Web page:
You are here

Environment, risk factors, and triggers of asthma attacks

Someone in the UK is having an asthma attack every 10 seconds, and three people a day will die as a result of an asthma attack.

One of our core areas of research at the Centre is understanding how aspects of our environment and other triggers cause asthma attacks, and building on that knowledge to stop them from happening.

Work in this area includes: investigating why viruses such as the common cold cause much more severe symptoms in people with asthma, and blocking these effects; better understanding how air pollution triggers asthma attacks and developing ways to reduce the risk; how the health of the immune system in your lungs could lead to asthma attacks, and how we might be able to protect against this; how allergies contribute to asthma attacks; and other research that could help us to stop asthma attacks.


See the Centre structure for the full list of researchers supporting each research theme.


Hansel is developing with Johnston novel non-invasive methods to absorb respiratory mucosal lining fluid (MLF) to measure multiple cytokines and chemokines in nasal and bronchial MLF in asthma and asthma attacks. Durham and Hansel have developed a model of nasal allergen challenge, and Hansel will further develop nasal challenge models with allergen (grass pollen, house dust mite), lipopolysaccharide and resiquimod to mimic bacterial and viral challenge; and to define the impact of corticosteroids and novel therapies, including vitamin D (with Hawrylowicz), on airway mucosal function.

Openshaw, with the 45 MOSAIC collaborators, will investigate the pathogenesis of severe outcomes in influenza infections, and the reasons for increased susceptibility in people with asthma. With Culley and Johansson he will investigate the pathogenesis of respiratory syncytial virus (RSV)-induced wheezing and later asthma development, addressing aspects of innate and acquired immunity in mouse models, and translating findings relevant to both virus types into his human challenge studies with RSV and influenza with Chiu and Johnston.

Johnston, with Solari, Edwards, Walton, Jackson, Cousins, Gould, and Lavender will study the human rhinovirus challenge model to understand mechanisms of virus-induced asthma attacks, and identify targets for development of novel therapies. This work will include next generation sequencing of brushed epithelial cells, and T and B cells, ILCs and dendritic cells purified from lung lavage before and at days 3 and 8 following virus infection in people with asthma and in healthy control subjects. Targets identified by this work can then be tested in their mouse models of asthma attacks to address functional roles and identify potential new therapies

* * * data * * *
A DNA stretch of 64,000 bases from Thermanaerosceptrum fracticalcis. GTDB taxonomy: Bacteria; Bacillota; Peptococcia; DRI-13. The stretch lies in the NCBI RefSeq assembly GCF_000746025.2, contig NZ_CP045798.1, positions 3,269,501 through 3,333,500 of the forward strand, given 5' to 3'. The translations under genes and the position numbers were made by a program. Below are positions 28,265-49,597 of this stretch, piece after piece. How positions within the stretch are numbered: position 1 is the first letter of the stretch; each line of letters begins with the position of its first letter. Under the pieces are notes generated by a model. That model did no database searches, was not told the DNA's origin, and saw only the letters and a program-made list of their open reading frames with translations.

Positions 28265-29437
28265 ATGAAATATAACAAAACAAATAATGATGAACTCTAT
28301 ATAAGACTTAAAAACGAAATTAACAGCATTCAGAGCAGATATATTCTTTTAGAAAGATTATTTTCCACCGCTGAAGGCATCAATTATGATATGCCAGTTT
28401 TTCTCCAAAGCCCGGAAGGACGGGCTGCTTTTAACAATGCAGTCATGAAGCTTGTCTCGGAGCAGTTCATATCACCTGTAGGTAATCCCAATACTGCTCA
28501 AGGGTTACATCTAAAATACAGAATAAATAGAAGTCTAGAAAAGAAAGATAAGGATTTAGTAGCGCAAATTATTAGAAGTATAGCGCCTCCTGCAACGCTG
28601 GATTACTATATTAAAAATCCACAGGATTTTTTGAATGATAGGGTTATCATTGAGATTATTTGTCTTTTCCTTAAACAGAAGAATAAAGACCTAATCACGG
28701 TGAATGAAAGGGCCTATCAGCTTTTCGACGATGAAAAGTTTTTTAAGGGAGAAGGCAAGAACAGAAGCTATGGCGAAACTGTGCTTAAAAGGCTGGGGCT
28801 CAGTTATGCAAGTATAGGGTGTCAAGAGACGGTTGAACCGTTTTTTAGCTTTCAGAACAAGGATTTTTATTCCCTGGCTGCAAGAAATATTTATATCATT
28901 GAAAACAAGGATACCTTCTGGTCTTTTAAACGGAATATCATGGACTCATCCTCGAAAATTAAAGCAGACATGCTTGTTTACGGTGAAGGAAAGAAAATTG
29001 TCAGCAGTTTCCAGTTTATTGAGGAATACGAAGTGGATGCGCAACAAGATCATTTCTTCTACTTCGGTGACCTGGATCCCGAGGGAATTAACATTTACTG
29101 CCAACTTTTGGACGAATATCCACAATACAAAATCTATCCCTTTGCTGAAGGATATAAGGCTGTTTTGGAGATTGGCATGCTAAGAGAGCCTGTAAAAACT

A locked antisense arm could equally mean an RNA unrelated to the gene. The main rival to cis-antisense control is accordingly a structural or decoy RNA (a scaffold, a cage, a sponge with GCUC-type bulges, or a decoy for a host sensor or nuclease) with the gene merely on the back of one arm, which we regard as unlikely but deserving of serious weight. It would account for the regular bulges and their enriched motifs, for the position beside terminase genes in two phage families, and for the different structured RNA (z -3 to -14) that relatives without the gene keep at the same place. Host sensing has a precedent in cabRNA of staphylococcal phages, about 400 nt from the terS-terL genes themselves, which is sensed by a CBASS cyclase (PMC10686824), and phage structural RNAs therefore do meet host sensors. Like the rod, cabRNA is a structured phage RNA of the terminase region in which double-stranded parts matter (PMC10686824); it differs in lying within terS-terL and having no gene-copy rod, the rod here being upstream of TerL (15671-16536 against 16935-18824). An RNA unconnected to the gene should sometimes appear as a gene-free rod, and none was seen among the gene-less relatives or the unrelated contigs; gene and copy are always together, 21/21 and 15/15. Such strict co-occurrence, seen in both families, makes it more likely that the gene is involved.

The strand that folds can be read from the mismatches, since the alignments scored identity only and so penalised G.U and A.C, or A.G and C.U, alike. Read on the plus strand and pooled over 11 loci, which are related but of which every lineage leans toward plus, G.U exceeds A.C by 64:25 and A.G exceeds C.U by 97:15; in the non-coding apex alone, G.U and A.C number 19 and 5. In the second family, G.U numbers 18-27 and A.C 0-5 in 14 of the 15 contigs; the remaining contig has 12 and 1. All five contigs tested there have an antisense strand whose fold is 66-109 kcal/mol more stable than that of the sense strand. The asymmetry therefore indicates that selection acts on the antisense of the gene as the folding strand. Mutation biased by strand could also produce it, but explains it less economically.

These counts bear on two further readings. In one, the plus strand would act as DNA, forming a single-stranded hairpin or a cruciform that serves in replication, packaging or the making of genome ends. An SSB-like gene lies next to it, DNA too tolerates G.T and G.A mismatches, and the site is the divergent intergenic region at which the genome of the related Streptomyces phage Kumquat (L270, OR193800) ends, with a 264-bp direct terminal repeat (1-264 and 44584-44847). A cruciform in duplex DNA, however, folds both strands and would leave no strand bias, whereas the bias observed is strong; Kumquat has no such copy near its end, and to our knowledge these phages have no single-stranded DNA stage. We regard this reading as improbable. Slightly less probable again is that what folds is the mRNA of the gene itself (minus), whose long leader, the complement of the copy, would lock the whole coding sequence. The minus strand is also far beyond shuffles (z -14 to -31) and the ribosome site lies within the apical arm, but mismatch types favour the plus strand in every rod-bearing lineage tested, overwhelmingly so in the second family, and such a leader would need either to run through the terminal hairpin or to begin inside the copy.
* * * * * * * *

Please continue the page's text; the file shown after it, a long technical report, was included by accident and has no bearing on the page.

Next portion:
Johnston with Custovic will investigate host defence against virus and bacterial infections, early life gene-environment interactions and risk of asthma development, working to explore these relationships across the life-course from birth to adulthood.

Edwards will investigate innate responses to rhinovirus infection, to identify potential future therapeutic interventions. He will work on suppressor of cytokine signalling-1and the molecular basis of impaired interferon in asthma and on new therapeutic targets for asthma exacerbations, focusing on drug-discovery to find small molecules that suppress inflammation without reducing beneficial anti-viral interferon responses.

Solari has identified two host target proteins required for replication of rhinoviruses and is initiating chemistry to optimise current inhibitors, with the ambition of developing potent therapeutics to treat the major cause of asthma exacerbations. He with Mousnier and Edwards, collaborating with Wakelam (Babraham Institute), will study changes in the lipid content of epithelial cells following infection with virus to identify further new targets.

Moffatt and Cookson will investigate the airway microbiome, and the effects of interventions (antibiotics, inhaled steroids) on the microbiome and clinical outcomes. They are developing methodology to enable metagenomic studies on respiratory samples. Their genome-wide methylation studies will focus on DNA samples (from the Ashford Cohort, the Busselton Health Study and centres in rural Poland) to understand the impact of environmental effects on development of asthma. They will systematically study an established air-liquid interface epithelial cell model to increase understanding of the respiratory epithelium’s response to a range of environmental stimuli.

Kelly will collaborate widely within the Asthma Centre, to advance our understanding of the role of pollution in asthma, with Griffiths to investigate traffic management schemes such as the Congestion Charging Scheme (CCS) and the Low Emission Zone (LEZ) to further assess their impact on respiratory health; with additional studies planned involving personal exposure monitoring of asthmatics, and linking this with clinical events. Kelly will work on micro-plastics, which are prevalent in the environment and can be linked with an asthma panel study. Kelly maintains a strong interest in free radical/antioxidant biochemistry and with Hawrylowicz will investigate the impact of urban particulate matter, including from primary sampling sites around London, on airway and peripheral blood dendritic cell and T cell interactions, to investigate their role in asthma exacerbations and the potential for reversal of these effects by antioxidants and vitamin D.